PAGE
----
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The sounds of cinema: ‘Life of Pi’

Eye on the Oscars 2013: Music

After years of scoring indie/arthouse fare including “The Sweet Hereafter,” “Girl, Interrupted” and “Little Miss Sunshine,” Canadian composer Mychael Danna’s profile has risen considerably with his first Oscar nominations for “Life of Pi.”

He is the only composer represented in both song and score categories for the same film — his fifth collaboration with director Ang Lee (previous films include “The Ice Storm” and “Ride With the Devil”). He remembers the day five years ago when Lee acquired the rights to the book and called Danna to say “you were born to do this.”

So, says Danna, “we have literally been talking about it for five years,” although actual composition began in November 2011 when he wrote the song that opens the film; most of the writing and recording was done last summer as “Pi” was being finished.

“The goal of the music was to carry the audience on that emotional journey with Pi,” says Danna. “That had to be accomplished in a way that was seamless and organic. It had to sound effortless.”

As a result, the integration of ethnic-music elements needed careful handling. “Given the fact that the plot is very unusual, and there’s a lot of challenging imagery that takes a lot of audience brainpower to process, we did not want the score to be difficult or challenging in an intellectual way.”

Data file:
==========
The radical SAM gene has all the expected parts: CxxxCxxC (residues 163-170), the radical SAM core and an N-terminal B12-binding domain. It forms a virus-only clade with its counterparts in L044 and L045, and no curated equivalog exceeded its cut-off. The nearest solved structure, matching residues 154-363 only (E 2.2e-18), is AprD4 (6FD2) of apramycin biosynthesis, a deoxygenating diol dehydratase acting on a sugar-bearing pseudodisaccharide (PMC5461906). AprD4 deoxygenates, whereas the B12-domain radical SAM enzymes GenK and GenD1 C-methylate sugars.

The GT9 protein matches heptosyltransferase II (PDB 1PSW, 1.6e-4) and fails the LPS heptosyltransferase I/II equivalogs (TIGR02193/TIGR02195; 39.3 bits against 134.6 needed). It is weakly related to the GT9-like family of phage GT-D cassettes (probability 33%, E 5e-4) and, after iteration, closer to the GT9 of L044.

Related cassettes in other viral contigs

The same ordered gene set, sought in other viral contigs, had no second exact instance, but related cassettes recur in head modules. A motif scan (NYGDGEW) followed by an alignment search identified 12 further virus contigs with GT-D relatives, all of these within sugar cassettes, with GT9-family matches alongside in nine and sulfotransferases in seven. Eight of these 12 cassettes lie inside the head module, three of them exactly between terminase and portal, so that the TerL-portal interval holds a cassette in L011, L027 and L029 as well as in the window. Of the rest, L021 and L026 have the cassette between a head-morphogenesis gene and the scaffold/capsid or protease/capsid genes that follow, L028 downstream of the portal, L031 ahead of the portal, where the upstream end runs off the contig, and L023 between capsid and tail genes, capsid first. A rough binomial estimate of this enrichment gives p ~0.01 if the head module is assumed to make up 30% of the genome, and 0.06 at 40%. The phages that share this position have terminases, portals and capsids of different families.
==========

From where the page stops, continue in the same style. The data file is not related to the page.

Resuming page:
Danna — a veteran ethnomusicologist who has employed a variety of world-music sounds throughout his career — added an Indian flute, bansuri; percussion from kanjira and mridangam; stringed sitar, santoor, sarangi and tanpura; Persian ney flute; accordion and mandolin suggesting the French colonial town of Pi’s birth; and Indonesian gamelan music.

These exotic sounds were recorded by soloists around the world. Danna then added a lush 80-piece L.A. orchestra and London choirs. “We did consciously blur borders,” he says, “so we have an English boys choir singing in Sanskrit mantras and a Tibetan-style choir singing in Latin. That’s who Pi is. Those strands are all woven together in his mind.”

Says Danna: “It feels like everything I ever learned in music, all my experiences, got used in this film. My whole life was a preparation for ‘Pi.’ There was a real feeling of fate about this whole thing.”

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